But just as they recovered their voice on the crime problem and recovered their voice on the welfare problem, I think there's evidence they're recovering their voice on the marriage problem as well. There is a statement issued by a group of liberal and conservative professors at Morehouse College, a black college in the South, directing our attention to this problem. You get organizations such as the Urban League talking about this problem. So I think we will, at some point, get to a degree of bipartisan support that marriage is an important issue.
Are we convinced [that there is a] consensus about the importance of marriage and what we should be doing about it?
I think it's a very broad societal consensus that marriage is important, that marriage is suffering and that we ought to do more to help it. I don't think there's any doubt about that at all. ...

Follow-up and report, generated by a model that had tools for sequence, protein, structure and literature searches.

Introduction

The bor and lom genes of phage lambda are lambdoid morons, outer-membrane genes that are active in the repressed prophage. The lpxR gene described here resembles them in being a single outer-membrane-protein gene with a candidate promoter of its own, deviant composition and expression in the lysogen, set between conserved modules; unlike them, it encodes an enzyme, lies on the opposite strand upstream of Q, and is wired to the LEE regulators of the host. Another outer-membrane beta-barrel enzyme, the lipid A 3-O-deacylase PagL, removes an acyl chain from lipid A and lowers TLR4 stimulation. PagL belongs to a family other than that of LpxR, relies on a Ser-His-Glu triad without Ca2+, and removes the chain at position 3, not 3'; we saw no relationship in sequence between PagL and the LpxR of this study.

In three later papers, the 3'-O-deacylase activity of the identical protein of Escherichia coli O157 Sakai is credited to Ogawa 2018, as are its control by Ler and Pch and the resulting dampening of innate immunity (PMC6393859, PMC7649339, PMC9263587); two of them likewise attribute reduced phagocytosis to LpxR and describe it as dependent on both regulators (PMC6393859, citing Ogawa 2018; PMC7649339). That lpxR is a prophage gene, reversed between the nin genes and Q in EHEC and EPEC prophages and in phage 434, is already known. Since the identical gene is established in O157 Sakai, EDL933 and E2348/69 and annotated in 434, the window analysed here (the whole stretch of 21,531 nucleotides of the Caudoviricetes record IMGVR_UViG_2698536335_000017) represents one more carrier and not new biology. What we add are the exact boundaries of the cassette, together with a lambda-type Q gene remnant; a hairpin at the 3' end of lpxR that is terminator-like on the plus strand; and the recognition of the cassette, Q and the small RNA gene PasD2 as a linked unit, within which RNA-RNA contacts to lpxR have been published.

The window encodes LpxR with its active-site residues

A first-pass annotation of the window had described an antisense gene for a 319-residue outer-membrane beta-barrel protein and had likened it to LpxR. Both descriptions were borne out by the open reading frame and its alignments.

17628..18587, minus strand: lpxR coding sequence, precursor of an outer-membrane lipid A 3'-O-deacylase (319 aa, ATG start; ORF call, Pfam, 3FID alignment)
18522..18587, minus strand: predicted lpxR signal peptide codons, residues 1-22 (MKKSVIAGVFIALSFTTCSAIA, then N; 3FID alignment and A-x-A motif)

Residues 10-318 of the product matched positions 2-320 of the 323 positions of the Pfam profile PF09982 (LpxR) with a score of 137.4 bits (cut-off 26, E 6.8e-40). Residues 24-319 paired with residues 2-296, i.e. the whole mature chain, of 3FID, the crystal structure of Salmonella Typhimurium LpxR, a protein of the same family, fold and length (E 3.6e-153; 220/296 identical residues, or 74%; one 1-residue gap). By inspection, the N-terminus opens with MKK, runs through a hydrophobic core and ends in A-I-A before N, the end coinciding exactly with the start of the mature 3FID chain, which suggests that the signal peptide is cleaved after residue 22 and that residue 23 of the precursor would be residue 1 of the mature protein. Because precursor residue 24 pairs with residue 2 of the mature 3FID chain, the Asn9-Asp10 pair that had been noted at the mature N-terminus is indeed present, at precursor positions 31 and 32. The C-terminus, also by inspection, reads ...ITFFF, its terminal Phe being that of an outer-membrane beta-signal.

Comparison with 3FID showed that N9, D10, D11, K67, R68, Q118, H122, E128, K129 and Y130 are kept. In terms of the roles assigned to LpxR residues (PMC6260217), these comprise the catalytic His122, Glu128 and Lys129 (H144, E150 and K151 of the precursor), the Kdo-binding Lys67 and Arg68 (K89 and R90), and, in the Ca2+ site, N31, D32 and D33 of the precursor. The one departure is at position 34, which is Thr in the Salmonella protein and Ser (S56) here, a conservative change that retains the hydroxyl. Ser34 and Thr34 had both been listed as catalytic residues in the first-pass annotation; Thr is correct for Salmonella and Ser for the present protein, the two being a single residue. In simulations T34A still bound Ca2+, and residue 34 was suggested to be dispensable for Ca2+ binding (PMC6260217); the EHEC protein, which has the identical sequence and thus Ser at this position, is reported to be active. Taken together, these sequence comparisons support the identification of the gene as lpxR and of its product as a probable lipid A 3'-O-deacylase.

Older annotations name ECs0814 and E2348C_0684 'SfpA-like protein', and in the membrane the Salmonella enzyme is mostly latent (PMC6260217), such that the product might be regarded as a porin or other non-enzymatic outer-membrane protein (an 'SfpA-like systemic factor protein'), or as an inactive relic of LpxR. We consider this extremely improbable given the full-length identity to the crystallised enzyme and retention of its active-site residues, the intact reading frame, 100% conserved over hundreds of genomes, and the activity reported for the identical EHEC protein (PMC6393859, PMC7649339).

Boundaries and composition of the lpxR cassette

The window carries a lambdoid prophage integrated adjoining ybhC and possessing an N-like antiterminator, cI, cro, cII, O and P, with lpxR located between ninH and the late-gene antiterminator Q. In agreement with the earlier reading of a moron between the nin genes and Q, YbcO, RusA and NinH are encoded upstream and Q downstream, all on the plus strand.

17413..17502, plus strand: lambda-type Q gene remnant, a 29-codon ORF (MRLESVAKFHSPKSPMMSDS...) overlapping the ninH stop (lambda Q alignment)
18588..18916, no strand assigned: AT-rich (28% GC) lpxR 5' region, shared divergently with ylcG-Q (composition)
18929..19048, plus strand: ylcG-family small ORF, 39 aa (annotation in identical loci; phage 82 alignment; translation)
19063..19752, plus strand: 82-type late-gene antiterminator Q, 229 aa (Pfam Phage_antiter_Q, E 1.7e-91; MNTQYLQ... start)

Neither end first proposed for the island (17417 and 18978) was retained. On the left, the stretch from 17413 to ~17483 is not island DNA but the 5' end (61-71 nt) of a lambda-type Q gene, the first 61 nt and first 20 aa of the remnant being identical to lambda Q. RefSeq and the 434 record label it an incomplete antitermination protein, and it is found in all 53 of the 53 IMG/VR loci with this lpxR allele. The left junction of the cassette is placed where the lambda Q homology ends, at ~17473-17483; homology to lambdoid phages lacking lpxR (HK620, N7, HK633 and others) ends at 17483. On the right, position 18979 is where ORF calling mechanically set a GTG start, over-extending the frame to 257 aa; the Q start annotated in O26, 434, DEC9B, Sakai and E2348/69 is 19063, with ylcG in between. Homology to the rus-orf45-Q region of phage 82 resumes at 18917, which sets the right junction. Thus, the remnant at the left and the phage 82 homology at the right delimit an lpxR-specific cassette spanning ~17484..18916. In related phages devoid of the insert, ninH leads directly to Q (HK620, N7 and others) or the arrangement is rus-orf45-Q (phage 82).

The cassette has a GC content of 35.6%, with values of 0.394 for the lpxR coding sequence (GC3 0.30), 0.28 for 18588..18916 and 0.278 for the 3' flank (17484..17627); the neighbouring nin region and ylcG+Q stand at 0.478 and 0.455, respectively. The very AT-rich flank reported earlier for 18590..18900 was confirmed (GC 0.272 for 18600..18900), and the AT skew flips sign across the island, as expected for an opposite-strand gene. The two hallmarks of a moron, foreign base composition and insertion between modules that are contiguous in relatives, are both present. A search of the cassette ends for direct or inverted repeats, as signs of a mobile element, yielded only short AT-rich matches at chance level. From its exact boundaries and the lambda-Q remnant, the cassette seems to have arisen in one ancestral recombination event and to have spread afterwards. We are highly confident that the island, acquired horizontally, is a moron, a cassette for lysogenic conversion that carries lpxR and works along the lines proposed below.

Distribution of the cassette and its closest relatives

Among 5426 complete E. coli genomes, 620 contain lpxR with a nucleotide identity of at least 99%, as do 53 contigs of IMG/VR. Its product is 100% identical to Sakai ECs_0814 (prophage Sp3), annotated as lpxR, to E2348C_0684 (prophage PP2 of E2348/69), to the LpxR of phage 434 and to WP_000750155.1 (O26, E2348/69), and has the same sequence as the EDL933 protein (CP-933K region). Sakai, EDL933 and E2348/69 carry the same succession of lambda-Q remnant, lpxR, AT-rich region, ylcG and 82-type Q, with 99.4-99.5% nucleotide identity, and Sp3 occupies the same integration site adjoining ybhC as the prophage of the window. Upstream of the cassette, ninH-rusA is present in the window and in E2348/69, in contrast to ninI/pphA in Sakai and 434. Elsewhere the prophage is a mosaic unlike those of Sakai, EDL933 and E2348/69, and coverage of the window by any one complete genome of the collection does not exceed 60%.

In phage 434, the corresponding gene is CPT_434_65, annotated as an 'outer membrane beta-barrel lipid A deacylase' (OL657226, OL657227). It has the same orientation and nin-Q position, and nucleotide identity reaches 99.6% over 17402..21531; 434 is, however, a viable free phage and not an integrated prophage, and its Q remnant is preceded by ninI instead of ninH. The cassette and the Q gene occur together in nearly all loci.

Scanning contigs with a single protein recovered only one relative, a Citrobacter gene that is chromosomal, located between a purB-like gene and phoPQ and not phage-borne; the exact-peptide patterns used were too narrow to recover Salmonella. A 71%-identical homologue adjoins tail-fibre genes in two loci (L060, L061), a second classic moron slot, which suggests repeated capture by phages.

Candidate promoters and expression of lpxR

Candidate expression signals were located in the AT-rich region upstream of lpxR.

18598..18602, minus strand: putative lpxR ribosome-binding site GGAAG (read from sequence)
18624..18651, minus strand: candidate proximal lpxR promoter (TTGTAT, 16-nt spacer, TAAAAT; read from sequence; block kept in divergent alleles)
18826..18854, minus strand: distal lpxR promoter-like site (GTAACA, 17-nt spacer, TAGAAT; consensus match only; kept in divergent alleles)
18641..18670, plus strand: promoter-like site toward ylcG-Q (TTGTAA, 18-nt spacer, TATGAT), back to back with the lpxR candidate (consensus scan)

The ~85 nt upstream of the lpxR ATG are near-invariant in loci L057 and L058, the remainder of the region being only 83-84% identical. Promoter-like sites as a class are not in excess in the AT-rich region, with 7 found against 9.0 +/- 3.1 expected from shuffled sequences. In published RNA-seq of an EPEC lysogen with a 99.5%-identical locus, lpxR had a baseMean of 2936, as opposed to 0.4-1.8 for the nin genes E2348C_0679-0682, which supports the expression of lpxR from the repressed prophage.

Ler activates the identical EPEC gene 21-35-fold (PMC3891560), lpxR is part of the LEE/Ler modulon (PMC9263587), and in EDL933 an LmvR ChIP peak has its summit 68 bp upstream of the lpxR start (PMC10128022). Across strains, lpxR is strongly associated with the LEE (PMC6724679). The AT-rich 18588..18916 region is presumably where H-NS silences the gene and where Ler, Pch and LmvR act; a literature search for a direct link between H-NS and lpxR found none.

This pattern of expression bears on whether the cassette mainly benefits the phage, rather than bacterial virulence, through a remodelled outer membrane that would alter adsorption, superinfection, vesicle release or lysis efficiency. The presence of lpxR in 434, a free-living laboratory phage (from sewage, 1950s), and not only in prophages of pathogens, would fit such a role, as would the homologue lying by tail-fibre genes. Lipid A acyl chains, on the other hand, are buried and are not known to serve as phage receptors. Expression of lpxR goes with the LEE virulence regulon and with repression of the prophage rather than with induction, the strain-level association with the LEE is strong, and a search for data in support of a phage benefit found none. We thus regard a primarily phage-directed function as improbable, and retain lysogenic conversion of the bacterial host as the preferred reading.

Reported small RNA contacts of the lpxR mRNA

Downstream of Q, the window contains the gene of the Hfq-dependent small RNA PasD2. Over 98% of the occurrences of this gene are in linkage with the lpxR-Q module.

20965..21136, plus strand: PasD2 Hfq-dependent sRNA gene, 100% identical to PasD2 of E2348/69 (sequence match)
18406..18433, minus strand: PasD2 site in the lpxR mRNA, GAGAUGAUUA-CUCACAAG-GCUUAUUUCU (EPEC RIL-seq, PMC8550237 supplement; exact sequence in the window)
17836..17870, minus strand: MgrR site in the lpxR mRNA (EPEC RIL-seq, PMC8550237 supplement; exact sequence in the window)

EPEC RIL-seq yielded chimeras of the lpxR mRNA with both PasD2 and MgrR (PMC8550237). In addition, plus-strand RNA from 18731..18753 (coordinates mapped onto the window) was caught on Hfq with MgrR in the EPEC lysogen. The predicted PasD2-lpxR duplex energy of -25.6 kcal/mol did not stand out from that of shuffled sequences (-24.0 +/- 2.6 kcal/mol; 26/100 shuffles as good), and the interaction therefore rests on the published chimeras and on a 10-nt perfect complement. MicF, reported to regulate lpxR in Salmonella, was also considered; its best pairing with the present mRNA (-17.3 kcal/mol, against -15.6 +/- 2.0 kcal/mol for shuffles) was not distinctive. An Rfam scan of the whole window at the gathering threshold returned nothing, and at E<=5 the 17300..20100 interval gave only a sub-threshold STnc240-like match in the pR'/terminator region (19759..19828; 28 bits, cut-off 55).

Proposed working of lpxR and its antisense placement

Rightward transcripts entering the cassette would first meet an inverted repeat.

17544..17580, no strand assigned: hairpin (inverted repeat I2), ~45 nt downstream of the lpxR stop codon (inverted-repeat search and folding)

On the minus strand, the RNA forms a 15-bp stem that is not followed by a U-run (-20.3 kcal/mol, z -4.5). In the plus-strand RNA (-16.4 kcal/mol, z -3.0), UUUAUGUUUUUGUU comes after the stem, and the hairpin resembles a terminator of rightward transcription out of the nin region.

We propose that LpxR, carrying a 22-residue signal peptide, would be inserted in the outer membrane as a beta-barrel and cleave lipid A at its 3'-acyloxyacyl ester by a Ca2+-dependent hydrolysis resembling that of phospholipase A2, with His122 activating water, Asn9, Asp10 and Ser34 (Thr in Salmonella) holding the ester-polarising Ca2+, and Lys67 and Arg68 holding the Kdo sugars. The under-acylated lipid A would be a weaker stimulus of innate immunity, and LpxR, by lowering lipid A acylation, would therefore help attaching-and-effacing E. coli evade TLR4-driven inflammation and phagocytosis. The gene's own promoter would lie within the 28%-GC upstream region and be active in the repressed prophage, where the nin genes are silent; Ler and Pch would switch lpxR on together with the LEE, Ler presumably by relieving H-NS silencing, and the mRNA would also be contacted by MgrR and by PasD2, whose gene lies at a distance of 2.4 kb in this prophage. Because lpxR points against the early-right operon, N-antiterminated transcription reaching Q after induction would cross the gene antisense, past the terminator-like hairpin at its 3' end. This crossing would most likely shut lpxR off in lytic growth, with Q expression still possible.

Political leaders are personally divided on this question, because they have invaded the family with all manner of regulations. They're concerned about child abuse. They're concerned about spouse abuse. They're concerned about the battered woman syndrome. They're concerned about all of these problems that afflict individuals in families but they won't speak about families as a whole as a problem.
But there's no reason why they shouldn't, because where is child abuse more likely? It's more likely where there's a stepfather present. Where is spousal abuse more likely? It's more likely among cohabiting than among married parents. So the problems are so intimately related that once you talk about the symptoms of the problem, you will be led eventually to talk about the causes of the problem. ...